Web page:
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Home to the Komodo dragons, this UNESCO World Heritage Site has rich marine biodiversity beneath its rugged uninhabited islands. As a scuba diving destinations, it offers two distinct dive areas: North Komodo and South Komodo. Even though they are geographically close to one another, but the two are often world apart in terms of conditions. The north is generally warn and sparkling blue, as you might expect in such tropical latitude. In the south, however, upwelling currents deliver chilly, nutrient-rich waters from great depths, creating perfect conditions for plankton growth. Visibility often is not great, but most divers agree that the trade-off is well worthwhile, as this living planktonic “soup” supports an incredibly diverse and healthy marine life community.

Despite considerable differences in temperature and visibility, underwater terrain is quite similar between north and south Komodo. It typically consists of drop-offs, pinnacles, fringing reefs, and shallow coral gardens. Divers returning from Komodo generally have great stories of mantas, lots of schooling fish, reef sharks, turtles and a cornucopia of macro subjects.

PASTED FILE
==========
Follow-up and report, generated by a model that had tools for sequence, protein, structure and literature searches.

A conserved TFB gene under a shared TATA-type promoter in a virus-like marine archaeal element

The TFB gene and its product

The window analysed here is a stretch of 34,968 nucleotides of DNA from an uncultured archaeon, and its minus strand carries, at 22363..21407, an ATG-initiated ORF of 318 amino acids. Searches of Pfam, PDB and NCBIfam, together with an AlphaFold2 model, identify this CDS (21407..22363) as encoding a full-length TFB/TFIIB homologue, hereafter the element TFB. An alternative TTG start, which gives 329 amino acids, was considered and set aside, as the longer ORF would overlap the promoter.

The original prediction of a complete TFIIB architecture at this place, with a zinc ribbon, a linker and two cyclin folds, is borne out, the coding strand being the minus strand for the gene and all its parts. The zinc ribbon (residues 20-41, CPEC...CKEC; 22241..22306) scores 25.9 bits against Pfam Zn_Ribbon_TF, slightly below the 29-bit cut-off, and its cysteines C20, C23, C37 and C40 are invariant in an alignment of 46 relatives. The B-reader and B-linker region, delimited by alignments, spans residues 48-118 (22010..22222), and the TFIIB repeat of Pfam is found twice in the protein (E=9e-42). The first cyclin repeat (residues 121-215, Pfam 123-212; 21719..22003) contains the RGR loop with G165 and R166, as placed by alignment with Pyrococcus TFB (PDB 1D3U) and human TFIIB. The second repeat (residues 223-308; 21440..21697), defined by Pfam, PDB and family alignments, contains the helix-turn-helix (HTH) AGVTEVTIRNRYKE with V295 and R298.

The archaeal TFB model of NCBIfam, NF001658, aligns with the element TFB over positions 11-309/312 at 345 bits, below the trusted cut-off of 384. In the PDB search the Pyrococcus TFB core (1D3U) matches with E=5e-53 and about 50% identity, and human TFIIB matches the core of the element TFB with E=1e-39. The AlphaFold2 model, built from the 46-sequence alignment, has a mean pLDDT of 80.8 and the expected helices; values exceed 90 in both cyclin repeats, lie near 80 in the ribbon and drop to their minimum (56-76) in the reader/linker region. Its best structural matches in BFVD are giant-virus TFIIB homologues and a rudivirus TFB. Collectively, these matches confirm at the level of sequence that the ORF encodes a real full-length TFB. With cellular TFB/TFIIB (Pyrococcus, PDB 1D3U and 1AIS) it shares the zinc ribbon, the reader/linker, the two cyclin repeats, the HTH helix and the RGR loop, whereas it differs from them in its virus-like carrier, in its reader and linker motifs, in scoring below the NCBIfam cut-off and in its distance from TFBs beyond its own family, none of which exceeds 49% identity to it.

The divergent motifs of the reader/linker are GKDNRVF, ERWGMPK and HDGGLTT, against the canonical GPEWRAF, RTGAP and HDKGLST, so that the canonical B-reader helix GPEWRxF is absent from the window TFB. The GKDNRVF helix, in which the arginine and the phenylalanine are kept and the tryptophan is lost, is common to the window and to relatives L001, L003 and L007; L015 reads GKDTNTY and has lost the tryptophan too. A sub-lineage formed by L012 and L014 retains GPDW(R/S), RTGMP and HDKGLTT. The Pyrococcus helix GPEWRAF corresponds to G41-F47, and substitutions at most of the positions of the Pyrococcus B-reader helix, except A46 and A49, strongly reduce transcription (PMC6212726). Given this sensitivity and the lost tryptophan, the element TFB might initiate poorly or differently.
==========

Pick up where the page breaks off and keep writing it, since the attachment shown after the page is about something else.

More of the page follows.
The easiest way is to fly to Labuan Bajo directly from Bali. Should you fly from Jakarta, you will need to make transit in Bali before flying to Labuan Bajo. Budget-wise, you can also get to Labuan Bajo by public Pelni ferry from Bali.

Best season for Komodo is generally split into two; North Komodo from March to October and South Komodo from November to December. It is usually rough during the Chinese New Year. However as there are many protective bays inside the Park, we still operate.